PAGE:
By Charles Biderman
Want to piss off homeowners? Tell them that while home prices have been cut in half since the bubble burst, stock prices are back to being down less than 15% the October 2007 peak. You heard that right: The S&P 500 (SPDR S&P 500 Trust ETF: SPY) is down less than 15% and home prices are down 50%, a half-price sale, from the high.
Why? Obvious answer. The Fed is rigging the stock market and doing everything it can to push stock prices higher. Each Fed easing somehow or other lowered interest rates, which pushed money into stocks. On the other hand, the Fed has nationalized the mortgage market, and that has made it impossible for anyone without perfect credit to get a mortgage. From 0 down during the bubble to no mortgage money available, no wonder housing prices have been cut in half.
As I have said in many previous videos, investors believe religiously that stock prices are protected by the Bernanke Put. Remember how low stock prices plunged in March 2009? Stock prices back then had dropped more than half from the October 2007 peak, as had home equity. Well, that March the Fed announced a major new monetary-easing program and stock prices soared by around 50%.
Then after a 20% sell-off, the Fed rolled out QE2; stock prices popped 40%. Then after another 20% sell-off, the Fed announced something called Operation Twist and stocks rose 30%. Notice a pattern here? Every Fed easing produces a smaller bounce. Now we are about 5% down from the most recent market peak in April. And at the April high, the U.S. stock market was only down about 10% from the peak.
Yet home prices are still down about 50%. How many of you know that at the cycle top in 2007, total household holdings of stocks and all home equity net of mortgages were roughly the same, according to the Federal Reserve Z1 Flow of Funds? That's right. At the highs, home equity—the value of all homes minus all mortgages—was $13 trillion, and the value of stocks held by households was around $14 trillion. The most recent Fed Z1 reports that equity in all homes is about $6.6 trillion and total stocks held by households are about $13 trillion, just about double housing.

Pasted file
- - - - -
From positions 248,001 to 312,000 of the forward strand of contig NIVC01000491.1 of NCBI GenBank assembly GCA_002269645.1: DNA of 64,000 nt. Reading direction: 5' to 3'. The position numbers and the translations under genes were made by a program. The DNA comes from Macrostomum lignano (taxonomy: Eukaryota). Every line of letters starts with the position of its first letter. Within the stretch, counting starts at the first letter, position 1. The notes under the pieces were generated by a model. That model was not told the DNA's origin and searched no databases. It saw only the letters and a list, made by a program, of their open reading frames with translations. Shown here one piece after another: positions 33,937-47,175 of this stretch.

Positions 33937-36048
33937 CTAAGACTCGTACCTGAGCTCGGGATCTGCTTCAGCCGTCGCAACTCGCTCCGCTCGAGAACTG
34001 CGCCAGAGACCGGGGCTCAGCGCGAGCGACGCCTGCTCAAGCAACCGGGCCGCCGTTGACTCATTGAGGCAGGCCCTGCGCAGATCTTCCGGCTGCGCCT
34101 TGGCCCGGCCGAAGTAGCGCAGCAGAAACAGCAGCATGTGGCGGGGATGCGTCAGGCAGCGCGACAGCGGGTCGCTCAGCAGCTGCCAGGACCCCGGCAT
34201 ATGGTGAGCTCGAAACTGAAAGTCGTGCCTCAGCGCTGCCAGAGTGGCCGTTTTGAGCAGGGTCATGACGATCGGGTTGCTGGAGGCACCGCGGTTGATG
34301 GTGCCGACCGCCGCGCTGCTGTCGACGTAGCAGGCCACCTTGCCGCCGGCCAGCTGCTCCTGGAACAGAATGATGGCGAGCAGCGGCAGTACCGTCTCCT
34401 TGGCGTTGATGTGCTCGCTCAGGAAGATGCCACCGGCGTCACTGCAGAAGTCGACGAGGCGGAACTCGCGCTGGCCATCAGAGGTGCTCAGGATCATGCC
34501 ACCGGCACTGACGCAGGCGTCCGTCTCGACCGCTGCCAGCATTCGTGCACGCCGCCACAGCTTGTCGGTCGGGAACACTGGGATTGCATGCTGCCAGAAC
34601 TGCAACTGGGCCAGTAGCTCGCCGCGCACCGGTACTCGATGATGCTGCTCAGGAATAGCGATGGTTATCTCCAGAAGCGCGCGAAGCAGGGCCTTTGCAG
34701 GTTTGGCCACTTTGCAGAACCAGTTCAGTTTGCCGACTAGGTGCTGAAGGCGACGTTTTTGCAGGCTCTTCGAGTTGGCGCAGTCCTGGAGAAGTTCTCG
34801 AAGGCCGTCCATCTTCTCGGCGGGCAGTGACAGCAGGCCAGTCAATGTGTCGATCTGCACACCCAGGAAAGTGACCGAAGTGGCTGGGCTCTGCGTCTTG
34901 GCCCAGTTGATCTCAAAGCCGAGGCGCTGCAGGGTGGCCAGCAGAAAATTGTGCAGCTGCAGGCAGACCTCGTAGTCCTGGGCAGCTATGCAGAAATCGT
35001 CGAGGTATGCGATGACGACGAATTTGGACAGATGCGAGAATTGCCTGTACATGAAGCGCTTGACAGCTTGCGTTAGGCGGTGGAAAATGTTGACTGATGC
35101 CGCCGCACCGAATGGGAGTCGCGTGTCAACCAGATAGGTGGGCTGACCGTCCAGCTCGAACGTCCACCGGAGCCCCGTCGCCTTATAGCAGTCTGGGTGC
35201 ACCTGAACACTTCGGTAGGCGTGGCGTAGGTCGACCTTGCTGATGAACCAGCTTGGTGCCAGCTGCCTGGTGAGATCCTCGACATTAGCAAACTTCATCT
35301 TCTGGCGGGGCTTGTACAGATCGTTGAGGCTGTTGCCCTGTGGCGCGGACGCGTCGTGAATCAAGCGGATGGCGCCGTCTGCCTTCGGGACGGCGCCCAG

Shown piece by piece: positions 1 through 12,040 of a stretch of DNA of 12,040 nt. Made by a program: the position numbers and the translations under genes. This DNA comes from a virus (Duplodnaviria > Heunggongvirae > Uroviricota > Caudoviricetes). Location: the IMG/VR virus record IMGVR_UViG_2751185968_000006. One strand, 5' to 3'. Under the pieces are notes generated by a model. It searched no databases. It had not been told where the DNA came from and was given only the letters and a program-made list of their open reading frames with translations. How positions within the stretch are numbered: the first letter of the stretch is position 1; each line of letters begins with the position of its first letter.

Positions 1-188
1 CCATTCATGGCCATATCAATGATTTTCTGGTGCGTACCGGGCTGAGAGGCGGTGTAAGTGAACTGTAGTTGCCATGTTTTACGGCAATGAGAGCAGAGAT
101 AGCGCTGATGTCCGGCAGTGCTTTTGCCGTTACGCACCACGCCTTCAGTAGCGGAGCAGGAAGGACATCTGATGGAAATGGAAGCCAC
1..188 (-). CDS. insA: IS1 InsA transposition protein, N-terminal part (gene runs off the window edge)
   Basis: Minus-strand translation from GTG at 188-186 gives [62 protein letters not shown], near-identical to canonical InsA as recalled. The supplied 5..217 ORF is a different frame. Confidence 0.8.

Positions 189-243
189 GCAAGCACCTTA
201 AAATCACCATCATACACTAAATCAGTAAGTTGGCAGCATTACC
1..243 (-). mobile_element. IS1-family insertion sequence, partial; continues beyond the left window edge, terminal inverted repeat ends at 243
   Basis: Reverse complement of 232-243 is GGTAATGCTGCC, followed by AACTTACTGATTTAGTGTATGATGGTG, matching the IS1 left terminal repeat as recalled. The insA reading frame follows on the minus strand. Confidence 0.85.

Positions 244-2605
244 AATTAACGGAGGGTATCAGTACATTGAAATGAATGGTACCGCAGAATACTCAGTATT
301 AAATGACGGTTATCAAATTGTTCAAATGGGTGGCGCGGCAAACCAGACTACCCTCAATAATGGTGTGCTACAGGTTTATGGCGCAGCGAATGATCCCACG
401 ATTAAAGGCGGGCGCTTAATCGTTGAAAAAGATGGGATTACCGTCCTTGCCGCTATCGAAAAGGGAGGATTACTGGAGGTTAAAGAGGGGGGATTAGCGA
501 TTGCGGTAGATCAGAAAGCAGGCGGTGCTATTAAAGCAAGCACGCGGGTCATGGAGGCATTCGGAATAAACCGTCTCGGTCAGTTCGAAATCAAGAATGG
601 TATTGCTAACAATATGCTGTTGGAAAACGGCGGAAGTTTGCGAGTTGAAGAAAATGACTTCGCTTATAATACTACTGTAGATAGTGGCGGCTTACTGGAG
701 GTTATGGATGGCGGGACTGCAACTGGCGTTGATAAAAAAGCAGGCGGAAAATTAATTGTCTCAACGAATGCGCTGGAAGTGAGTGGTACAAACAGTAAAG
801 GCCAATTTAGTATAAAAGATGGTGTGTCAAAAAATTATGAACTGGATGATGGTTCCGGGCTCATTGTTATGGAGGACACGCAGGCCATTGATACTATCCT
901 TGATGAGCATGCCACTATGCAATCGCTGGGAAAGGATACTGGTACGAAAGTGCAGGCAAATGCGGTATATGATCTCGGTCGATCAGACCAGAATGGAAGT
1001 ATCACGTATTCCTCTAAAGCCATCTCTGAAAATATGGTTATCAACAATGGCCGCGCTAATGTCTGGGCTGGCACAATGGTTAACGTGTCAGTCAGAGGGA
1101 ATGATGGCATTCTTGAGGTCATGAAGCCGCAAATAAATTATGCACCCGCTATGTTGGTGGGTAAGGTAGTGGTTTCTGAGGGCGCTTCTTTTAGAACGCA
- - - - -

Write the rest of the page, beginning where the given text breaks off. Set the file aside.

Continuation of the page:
I am willing to bet very few of you know that back in 1982, the year before the 25-year bull market in stocks began, households owned about $1 trillion in stocks and $2.5 trillion in houses. What a turnaround. In 1982, stocks were 40% of the value of homes. Before the housing and stock bubbles burst, they were about the same. Now household home equity is half that of stocks.
Without the Bernanke Put, where would stock prices be? My answer is lower, lots lower. And I say the Fed fix will not work for very much longer. Interest rates and mortgage costs are as low as they can go. And yet after all the easings, the U.S. economy is barely growing. Wages and salaries of everybody who pays taxes, which to me is the most important metric of economic health, is growing by about $20 billion each month. And the U.S. government has to borrow $100 billion a month to pay its bills so wages and salaries can grow by $20 billion. Crazy!
Yes, everyone on Wall Street now believes that the stock market will surge when the Fed announces the next round of money printing. But then, have you ever tried to push on a string? Does not work. Neither will the Fed's next round of monetary easing. Zero cost money cannot get any cheaper. Once investors realize that the Fed easing is doing nothing, I say the stock market will roll over and die.
Ultimately, I see so reason why stock prices should be higher than housing prices these days. Both were huge bubbles helped out by cheap money. Without cheap money, housing prices are down big time. When cheap money loses its ability to prop up stock prices, look out below.